Peanuts are one of the most widely grown legume crops in the world. The rhizobia that can establish a symbiotic relationship with peanuts are mainly Bradyrhizobium.
Studies have shown that the nitrogen fixation of the peanut-bradiorhizobium symbiotic system can meet 30%-80% of the nitrogen required for peanut growth, and improve the yield of subsequent crops.
Under the premise of reducing chemical nitrogen fertilizer, bradiorhizobium can solve soil ecological problems and maintain sustainable development of soil environment, and have high value in peanut cultivation.
1. Infection Type of Peanut by Bradyrhizobium
As plant roots grow, organic secretions such as amino acids and flavonoids are released into the soil, and rhizobia respond to these secretions and reach the plant roots.
After rhizobia polysaccharides and lectins are recognized, plants will help rhizobia to colonize the root surface and root hairs in preparation for root infection.
The symbiosis between bradyrhizobium and peanut belongs to fissure infection, which refers to the process in which rhizobia enters the plant root through the crack of the epidermis of the plant root or the fissure between the lateral root and the main root and forms a root nodule.
2. Formation of peanut nodules
Bradyrhizobia moved to the nodule primordium located in the cortex in the intercellular space of peanut, and entered the nodule primordium by changing the structure of peanut cell wall.
The original cell wall of Bradyrhizobium is hydrolyzed by the cell wall-degrading enzymes secreted by peanut. With the gradual enlargement of the hydrolysis pores, the rhizobia protoplast is wrapped by the symbiont membrane of peanut, and finally swells and develops into a spherical mature symbiont. When all rhizobia have developed into symbionts, the nodules are fully mature and the nitrogen fixation capacity reaches its peak.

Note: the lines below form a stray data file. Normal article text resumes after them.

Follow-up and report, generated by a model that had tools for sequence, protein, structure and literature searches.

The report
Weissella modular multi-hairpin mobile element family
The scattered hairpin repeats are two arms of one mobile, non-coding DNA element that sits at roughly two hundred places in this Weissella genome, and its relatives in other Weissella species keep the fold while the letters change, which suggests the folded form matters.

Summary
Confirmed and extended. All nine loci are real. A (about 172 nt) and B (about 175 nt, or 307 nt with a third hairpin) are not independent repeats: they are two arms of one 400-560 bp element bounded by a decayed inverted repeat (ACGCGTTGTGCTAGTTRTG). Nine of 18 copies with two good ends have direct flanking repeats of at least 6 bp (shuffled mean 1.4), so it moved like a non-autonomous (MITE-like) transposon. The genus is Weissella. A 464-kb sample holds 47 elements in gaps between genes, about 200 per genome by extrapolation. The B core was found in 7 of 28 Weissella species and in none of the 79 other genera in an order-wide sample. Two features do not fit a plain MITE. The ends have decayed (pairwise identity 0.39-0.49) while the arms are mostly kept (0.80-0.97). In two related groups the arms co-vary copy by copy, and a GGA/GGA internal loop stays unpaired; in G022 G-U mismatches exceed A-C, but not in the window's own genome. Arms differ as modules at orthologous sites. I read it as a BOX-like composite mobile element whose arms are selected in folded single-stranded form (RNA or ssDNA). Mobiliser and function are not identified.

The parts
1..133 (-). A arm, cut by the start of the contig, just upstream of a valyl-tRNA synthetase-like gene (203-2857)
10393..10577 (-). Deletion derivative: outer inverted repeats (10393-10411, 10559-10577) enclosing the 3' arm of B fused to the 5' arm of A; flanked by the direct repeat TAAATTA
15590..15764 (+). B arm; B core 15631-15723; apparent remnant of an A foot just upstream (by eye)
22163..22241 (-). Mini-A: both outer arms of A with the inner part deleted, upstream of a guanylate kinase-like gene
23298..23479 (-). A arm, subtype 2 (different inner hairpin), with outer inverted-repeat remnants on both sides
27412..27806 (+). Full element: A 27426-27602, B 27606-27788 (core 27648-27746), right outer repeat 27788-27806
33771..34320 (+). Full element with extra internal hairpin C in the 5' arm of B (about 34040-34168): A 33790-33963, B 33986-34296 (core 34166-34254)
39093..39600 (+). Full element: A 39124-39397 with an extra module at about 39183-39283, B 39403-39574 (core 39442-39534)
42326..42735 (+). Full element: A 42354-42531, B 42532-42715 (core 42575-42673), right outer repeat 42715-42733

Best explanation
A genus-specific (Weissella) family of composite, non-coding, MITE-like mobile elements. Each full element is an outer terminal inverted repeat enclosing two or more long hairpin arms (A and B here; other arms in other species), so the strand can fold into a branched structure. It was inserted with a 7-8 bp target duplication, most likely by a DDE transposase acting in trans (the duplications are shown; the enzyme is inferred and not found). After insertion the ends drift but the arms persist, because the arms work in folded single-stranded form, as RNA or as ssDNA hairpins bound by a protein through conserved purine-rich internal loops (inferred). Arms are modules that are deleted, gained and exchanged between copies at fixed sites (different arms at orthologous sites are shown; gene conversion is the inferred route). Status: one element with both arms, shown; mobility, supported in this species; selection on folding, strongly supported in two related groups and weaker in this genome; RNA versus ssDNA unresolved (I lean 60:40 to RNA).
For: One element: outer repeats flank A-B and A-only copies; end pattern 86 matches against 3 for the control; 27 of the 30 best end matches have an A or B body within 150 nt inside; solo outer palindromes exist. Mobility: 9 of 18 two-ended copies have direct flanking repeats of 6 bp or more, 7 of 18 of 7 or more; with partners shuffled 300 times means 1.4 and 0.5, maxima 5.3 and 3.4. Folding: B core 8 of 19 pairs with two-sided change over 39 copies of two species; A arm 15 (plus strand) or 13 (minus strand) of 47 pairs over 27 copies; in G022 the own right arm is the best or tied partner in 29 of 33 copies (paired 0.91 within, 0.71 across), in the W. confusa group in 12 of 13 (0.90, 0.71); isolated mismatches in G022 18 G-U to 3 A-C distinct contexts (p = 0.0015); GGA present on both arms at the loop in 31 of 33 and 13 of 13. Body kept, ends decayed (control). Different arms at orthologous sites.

3. Mechanism of nitrogen fixation in peanut nodules
The symbionts of mature nodules contain nitrogenase, which converts N2 to NH3 in a microaerobic environment.
During nitrogen fixation, ferredoxin transfers electrons to the ferritin component of nitrogenase, and ferritin reduces the molybdenum ferritin of nitrogenase while hydrolyzing ATP. Molybdenum ferritin transfers electrons to molecular nitrogen and reduces it to NH3.
NH3 combines with H+ in the symbiont membrane to form NH4+, which in turn combines with glutamate in plant cells to form glutamine to provide a nitrogen source for plants, or glutamine transfers the amino group to aspartic acid in the form of asparagine supply nitrogen source.